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Early Middle English for today

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How to use an OE dictionary

Let's assume you're looking for an eME word. You have a ModE word in mind and you want to know how to say that in eME. This page will guide you, showing you how to use either an OE dictionary, or ModE dictionary which gives the etymology of words.

Since searching for additional eME forms in medieval texts is not a practical option for the average person who just wants a phrase or two for a poem at a multicultural evening, or a speech on Foregengeday`, I have published a list of the few additional eME forms uncovered thus far.

how to find an eME word?

If you're starting with a ModE word, the most practical option is to look up the corresponding standard OE form in Wordcraft 1 (a Modern to Old English dictionary), and then to transform it to an eME word, using table X.

If you don't have access to Wordcraft 1, but you're confident the ModE word is Anglo-Saxon in origin, the standard OE equivalent can often be found in the etymolgy given in some ModE dictionaries, such as the Concise Oxford Dictionary.

If you're starting with an OE word but you're not sure if it's the standard OE form, you can can check its status in A Concise Anglo-Saxon Dictionary 2.

You can also use Wiktionary to look up both OE and ModE words. Detailed etymologies are provided for most entries. Just type an OE or ModE word into the search box at the very top of each Wiktionary page.

Example 1 - finding the eME for shield with a ModE dictionary

Let's assume you want the eME word for ModE shield and that you have a Modern English dictionary which gives the etymology for each entry; firstly, you look up shield in your dictionary and find that it's derived from OE scield; [if you also have A Concise Anglo-Saxon Dictionary 2 you can confirm that this is the standard OE form;] secondly you consult table X and find that OE WS ie appeared as e in OE A, giving sceld; finally you look further down table X and find that in lOE, short vowels followed by ld were lengthened, giving the result - sce_ld.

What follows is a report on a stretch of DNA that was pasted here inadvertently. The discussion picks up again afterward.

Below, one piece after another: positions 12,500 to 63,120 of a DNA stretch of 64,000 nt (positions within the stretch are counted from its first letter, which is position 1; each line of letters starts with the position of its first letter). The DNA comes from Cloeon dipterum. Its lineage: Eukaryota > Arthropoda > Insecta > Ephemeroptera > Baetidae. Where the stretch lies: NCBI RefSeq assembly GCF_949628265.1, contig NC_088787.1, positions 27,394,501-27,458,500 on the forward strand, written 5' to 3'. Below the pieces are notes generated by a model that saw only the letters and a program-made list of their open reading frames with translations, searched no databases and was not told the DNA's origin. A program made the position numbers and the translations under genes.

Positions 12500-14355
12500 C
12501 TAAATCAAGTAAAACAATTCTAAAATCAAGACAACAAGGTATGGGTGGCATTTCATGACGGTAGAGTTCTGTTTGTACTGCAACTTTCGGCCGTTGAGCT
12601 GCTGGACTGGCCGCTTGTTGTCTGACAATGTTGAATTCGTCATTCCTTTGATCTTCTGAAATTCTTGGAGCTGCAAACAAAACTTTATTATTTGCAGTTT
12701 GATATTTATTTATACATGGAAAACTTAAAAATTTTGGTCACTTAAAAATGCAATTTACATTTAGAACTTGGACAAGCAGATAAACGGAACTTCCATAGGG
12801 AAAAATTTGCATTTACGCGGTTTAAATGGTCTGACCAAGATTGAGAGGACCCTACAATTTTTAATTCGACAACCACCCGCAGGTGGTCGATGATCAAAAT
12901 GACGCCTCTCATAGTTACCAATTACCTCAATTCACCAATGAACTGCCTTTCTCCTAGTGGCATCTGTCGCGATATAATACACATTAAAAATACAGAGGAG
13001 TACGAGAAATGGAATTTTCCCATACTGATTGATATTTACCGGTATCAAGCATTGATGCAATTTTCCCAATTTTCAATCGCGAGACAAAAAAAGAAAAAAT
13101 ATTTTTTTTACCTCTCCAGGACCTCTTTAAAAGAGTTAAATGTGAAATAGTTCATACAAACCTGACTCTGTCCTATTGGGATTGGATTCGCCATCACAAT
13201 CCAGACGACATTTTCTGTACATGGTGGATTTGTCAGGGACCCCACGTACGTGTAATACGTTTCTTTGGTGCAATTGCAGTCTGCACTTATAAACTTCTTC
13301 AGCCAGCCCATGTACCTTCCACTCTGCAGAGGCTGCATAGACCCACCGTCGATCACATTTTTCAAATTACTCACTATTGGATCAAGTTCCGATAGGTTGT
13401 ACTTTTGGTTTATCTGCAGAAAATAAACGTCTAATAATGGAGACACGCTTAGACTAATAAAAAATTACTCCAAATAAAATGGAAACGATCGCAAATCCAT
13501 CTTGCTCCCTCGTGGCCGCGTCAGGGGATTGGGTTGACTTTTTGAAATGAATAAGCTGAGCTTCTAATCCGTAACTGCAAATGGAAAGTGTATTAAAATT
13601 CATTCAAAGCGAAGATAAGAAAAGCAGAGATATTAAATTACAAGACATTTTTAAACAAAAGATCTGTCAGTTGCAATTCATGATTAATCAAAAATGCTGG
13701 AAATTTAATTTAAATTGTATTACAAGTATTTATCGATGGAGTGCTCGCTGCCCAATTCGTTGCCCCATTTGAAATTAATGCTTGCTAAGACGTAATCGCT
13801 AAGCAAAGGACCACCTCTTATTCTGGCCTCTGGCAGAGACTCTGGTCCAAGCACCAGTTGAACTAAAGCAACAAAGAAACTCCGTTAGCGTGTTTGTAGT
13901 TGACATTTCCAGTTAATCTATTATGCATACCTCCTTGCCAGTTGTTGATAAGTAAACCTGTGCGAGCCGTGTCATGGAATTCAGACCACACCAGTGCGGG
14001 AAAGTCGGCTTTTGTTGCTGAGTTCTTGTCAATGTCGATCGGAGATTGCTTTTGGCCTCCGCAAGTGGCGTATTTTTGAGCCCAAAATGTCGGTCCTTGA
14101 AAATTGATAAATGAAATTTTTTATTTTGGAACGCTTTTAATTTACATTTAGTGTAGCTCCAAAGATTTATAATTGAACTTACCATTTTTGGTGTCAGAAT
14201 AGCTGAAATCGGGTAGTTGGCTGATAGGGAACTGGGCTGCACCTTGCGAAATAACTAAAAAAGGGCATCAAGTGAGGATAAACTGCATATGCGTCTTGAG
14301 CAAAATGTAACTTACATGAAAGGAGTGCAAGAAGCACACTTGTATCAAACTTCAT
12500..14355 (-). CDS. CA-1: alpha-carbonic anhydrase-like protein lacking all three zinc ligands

Example 2 - finding the eME for year with Wordcraft 1

Let's assume you want the eME word for ModE year and that you have a copy of Wordcraft 1 at hand; firstly, you find g`e_ar in Wordcraft 1 under the entry year; secondly you consult table X and find that OE e_a merged with ae_ in late OE, giving *g`ae_r; lastly you find further down table X in the consonants section, that the sound represented in OE by g`, is written y` in eME, giving the result - y`ae_r.

  1. Pollington, S., Wordcraft, Anglo-Saxon Books: Hockwold-cum-Wilton, 1999
  2. Clark Hall J.R., A Concise Anglo-Saxon Dictionary, Cambridge University Press, 1960